thu 23/05/2024

Disruption, Park Theatre review - relevant and resonant | reviews, news & interviews

Disruption, Park Theatre review - relevant and resonant

Disruption, Park Theatre review - relevant and resonant

World premiere of Andrew Stein's slick tech show

Intelligence squared: Oliver Alvin-Wilson in 'Disruption'Pamela Raith

Plays chronicling the unscrupulous collision of high finance and big tech seem 10 a penny these days. Some writers, such as Joseph Charlton, seem to have built entire careers around telling glossy tech morality tales (for my money the best in this burgeoning genre is Sarah Burgess's Dry Powder staged at Hampstead Theatre in 2018 starring Hayley Atwell).

Disruption, which is receiving its world premiere also in North London at Finsbury’s Park Theatre, is yet another slick tech show. Written by Andrew Stein and directed by Hersh Ellis, Disruption tackles the seemingly unstoppable rise of AI. Tech entrepreneur Nick (charismatically portrayed by Oliver Alvin-Wilson) has cashed out of Silicon Valley and together with his much- younger female business partner Raven (Sasha Desouza-Willock) gone on to create an algorithmic machine that harvests data to such an overwhelming extent that it can create “curated coincidence” among its users, impacting their life choices to an unprecedented degree.

Nathaniel CurtisNick's guinea pigs for his machine-driven scheme are three New York-based married couples he knows from college: recovering party animal Paul (Nick Read) and his wife Jill (Mika Simmons) who are struggling to stay together; Jill’s sister Mia (Rosanna Hyland) and her husband Barry (Kevin Shen) desperately striving to buy a Brooklyn brownstone; and techno-sceptic Suzie (Debbie Korley) and her academic husband Ben (Nathaniel Curtis, pictured right) who are torn over whether to have children.

The production is dazzlingly mounted, replete with flashy LED lights, throbbing techno music score and most impressively of all projector screen AI-driven binary code that shifts into phrases that characters will go on to recite. Throughout the first act, Disruption is provocative and insightful benefiting from Stein’s snappy turn of phrase (at one point AI is summarised as "like having tomorrow's paper yesterday".)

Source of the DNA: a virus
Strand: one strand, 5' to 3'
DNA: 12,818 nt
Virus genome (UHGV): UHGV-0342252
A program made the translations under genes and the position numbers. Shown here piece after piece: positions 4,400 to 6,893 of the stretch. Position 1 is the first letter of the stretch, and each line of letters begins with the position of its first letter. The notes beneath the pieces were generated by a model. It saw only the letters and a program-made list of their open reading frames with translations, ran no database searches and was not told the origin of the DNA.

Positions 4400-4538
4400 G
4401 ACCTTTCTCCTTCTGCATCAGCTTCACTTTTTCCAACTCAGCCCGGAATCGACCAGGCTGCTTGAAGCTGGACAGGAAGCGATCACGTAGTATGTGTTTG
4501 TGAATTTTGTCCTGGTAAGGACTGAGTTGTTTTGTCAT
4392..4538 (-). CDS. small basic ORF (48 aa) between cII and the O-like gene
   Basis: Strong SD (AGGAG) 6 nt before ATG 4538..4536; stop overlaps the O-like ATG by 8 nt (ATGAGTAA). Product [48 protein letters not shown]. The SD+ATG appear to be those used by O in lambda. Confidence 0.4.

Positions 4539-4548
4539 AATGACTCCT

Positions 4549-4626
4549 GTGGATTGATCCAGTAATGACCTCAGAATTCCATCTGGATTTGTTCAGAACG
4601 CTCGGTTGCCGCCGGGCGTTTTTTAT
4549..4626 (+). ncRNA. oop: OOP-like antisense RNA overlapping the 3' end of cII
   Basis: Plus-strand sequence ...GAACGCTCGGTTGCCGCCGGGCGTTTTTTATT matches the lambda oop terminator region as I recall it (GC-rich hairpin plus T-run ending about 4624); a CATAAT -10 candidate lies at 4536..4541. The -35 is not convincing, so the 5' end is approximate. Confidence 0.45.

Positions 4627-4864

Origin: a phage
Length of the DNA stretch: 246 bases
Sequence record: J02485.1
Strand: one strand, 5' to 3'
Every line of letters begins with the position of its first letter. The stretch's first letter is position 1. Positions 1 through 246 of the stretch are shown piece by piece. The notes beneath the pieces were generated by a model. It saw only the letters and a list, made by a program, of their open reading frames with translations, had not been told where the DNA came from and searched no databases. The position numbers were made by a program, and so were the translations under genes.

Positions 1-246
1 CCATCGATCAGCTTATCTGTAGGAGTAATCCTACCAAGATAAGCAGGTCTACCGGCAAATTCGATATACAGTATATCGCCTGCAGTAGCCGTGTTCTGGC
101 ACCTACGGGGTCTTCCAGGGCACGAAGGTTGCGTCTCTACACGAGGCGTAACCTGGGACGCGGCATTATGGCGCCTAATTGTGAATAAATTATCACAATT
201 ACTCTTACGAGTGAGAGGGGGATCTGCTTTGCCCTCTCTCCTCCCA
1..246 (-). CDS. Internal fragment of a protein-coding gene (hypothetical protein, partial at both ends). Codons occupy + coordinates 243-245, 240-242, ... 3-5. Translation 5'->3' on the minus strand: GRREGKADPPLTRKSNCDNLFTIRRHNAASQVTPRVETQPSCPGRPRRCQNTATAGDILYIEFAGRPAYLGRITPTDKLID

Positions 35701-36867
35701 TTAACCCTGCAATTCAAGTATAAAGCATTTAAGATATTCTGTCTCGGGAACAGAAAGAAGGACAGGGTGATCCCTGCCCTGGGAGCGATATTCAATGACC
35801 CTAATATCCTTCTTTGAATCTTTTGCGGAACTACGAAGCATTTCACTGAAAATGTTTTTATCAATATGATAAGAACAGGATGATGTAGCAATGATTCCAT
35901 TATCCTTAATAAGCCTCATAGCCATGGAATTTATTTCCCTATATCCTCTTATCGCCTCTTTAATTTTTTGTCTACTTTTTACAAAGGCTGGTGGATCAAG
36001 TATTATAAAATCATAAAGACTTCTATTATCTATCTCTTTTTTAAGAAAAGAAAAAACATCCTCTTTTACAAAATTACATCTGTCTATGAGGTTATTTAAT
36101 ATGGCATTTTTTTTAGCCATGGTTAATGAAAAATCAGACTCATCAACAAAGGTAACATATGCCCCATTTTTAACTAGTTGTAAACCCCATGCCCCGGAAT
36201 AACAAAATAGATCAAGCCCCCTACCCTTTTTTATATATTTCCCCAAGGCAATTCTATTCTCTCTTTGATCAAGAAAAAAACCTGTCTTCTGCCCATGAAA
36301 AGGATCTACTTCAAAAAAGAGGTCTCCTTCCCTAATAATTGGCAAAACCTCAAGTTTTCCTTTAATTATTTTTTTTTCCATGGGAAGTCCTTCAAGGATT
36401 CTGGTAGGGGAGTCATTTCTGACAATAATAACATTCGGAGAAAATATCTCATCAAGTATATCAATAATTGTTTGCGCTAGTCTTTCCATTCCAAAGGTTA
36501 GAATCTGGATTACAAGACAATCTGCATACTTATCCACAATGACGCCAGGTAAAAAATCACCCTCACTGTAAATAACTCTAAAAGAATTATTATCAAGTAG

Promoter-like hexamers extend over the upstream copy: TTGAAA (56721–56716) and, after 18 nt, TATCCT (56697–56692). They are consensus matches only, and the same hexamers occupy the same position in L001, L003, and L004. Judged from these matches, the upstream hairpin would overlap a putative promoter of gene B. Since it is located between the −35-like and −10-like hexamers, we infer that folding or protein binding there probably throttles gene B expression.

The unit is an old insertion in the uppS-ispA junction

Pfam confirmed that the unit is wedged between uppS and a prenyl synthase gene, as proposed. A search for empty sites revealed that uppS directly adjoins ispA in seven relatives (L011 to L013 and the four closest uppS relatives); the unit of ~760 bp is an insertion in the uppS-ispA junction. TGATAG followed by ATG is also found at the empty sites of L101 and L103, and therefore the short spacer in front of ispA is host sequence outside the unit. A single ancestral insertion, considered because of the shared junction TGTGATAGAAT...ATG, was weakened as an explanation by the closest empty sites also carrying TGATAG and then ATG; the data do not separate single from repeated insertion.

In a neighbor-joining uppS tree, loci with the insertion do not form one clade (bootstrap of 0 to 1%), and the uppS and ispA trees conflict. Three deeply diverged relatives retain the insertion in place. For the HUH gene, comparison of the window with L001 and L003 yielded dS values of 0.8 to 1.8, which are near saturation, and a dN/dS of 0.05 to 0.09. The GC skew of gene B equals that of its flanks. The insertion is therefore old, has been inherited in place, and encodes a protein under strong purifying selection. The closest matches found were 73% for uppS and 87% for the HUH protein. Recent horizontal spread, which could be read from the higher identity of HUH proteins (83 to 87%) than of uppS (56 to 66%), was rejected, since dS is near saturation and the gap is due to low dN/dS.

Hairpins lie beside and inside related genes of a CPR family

But in creating a play about an invincible decision-making machine, the playwright then makes an odd choice of his own by zeroing in on the consequences for Nick's circle of friends as the ensemble gets seduced into investing in his shiny new toy only to go on to learn the oldest lesson of them all, namely be careful what you wish for.  This is a shame as a Big Chill-style relationship drama shrinks the chilling lessons that might otherwise be learned from our machine-driven age.

More focus on the regulatory, legal and frankly nonsensical ramifications of AI would have been welcome. (This reviewer is still reeling from ChatGPT falsely informing me I have published a biography of Robert De Niro!) Zeroing in on the comedy and the fall-out among Nick’s friends, rather than on the sinister exploits of the machine’s inventor, ultimately results in Disruption lacking the emotional force of Jordan Harrison’s AI-themed drama Marjorie Prime, recently staged at the Menier Chocolate Factory.

Disruption is relevant and resonant.  But rather like AI it would seem, it ends up being a decidedly mixed blessing.

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